SALEM, Ore. — A mother who lost her two daughters in a hit-and-run crash in Forest Grove is pushing for change to close a loophole in Oregon’s hit-and-run law.

Susan Dieter-Robinson testified at a Senate Judiciary committee hearing in Salem on Thursday.

In October 2013 her daughters Anna Dieter-Eckerdt, 6, and Abigail Robinson, 11, were alone in the street playing in a leaf pile when Cinthya Garcia-Cisneros, 19, drove through it, felt a bump and kept going.

During the trial, Garcia-Cisneros testified that she heard about the deaths later, panicked and was in disbelief. She only confessed when police showed up at her door the next day.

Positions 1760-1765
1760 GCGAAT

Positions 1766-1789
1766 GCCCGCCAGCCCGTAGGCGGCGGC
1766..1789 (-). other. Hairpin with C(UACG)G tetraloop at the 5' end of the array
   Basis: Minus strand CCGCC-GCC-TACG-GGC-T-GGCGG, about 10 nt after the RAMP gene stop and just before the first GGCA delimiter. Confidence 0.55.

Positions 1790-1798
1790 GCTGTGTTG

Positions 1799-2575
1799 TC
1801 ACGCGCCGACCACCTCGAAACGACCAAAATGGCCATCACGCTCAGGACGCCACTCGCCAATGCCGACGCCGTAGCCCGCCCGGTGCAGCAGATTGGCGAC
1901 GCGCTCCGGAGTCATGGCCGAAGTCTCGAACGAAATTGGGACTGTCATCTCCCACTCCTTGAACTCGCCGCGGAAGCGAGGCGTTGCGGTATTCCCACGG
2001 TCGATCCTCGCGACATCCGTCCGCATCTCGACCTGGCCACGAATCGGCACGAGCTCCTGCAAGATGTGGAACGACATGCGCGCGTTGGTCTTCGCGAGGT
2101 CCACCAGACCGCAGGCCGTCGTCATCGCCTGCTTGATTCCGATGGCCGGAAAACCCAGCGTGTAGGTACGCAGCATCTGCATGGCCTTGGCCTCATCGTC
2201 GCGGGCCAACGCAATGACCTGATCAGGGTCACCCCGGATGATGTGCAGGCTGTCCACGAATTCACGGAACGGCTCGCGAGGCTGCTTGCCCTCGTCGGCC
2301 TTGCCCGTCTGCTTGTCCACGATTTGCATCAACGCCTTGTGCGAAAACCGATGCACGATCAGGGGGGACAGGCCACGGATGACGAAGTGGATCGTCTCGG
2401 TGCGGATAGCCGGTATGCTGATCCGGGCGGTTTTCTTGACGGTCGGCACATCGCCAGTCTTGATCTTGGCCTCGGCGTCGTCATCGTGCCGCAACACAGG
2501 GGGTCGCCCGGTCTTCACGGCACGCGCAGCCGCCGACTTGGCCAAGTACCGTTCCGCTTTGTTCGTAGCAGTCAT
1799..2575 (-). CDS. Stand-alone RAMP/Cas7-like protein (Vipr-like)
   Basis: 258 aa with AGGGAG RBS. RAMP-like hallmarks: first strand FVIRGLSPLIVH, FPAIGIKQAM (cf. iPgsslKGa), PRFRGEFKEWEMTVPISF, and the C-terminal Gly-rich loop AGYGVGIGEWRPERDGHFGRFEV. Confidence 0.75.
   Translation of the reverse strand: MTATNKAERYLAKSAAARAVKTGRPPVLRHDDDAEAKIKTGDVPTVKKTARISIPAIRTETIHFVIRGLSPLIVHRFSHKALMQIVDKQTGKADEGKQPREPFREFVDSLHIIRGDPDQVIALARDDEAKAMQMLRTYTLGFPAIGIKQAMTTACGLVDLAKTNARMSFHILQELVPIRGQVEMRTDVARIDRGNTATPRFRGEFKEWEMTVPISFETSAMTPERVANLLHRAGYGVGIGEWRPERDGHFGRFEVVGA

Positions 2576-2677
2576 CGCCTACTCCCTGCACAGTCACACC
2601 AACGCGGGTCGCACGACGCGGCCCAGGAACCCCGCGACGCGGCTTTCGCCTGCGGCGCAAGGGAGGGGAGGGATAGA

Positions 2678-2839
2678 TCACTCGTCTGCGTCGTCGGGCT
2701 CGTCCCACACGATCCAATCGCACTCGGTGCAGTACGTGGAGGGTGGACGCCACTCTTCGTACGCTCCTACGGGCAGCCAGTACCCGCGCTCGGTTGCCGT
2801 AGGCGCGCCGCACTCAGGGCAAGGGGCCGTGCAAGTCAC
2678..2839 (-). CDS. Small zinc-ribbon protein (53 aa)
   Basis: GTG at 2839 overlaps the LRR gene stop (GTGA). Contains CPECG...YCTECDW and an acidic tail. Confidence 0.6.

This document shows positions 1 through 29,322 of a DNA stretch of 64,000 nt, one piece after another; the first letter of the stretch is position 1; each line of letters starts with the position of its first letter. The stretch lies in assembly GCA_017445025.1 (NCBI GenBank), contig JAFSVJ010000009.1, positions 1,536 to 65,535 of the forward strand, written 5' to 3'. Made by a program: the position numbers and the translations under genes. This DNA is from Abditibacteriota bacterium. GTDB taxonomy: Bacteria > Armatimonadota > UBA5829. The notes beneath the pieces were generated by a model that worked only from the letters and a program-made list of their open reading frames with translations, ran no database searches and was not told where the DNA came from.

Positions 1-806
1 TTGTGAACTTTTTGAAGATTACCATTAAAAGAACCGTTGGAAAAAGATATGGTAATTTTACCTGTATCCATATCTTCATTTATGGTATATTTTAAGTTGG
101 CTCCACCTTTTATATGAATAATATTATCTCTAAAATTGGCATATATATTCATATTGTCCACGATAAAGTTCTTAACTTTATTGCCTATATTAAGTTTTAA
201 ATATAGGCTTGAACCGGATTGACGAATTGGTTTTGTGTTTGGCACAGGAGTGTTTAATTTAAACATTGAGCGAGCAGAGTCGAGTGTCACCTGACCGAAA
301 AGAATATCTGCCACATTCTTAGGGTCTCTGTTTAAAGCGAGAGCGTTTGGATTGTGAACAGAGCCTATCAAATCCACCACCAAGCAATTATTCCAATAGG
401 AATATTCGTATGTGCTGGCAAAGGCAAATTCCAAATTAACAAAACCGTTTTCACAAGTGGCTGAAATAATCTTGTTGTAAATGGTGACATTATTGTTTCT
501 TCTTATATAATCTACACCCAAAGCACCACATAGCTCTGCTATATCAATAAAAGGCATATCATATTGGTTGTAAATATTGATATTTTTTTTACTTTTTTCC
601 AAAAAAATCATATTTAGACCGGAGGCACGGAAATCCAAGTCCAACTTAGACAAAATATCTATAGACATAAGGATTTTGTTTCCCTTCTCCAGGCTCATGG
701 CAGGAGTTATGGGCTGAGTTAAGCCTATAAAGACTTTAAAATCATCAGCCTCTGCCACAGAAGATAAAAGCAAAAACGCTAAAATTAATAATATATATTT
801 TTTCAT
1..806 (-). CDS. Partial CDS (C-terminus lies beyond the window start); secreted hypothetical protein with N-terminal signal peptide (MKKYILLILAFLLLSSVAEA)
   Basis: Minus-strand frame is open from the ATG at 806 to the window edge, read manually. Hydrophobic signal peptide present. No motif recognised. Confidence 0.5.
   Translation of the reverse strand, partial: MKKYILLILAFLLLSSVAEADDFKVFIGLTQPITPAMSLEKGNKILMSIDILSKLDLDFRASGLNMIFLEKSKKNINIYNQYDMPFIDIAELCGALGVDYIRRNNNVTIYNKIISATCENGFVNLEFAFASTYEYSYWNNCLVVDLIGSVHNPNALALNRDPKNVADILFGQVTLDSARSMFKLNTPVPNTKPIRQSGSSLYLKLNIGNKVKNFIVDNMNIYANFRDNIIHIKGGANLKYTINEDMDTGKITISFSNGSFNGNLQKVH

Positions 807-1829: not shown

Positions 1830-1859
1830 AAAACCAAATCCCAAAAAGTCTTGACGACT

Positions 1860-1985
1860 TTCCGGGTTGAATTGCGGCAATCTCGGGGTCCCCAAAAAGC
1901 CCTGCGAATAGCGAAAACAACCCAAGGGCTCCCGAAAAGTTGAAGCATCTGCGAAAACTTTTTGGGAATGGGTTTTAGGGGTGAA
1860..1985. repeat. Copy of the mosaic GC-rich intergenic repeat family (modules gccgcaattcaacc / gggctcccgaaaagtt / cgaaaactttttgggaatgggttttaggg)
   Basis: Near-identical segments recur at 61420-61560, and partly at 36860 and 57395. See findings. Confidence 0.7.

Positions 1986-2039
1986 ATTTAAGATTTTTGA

The jury unanimously found her guilty of two counts of failure to perform the duties of a driver.

The Oregon court of appeals later reversed her conviction, saying Oregon law does not require a driver to return to the scene after learning of an accident later.

More than five years later, lawmakers are considering legislation that would explicitly outline what drivers must do when they learn they have been involved in a crash.

“We are just very grateful for this because it’s change. It is positive change” Dieter-Robinson said.

“It’s common sense. You find out that you have injured somebody in an accident. In an accident. What happened to my girls was an accident. But what happened after was not an accident."

House Bill 4055 passed in the House 59-0 on Feb. 14.

“Hopefully when this is done we will be able to say that there is a law that’s named ‘Anna and Abigail’s Law’ that has brought change,” Dieter-Robinson said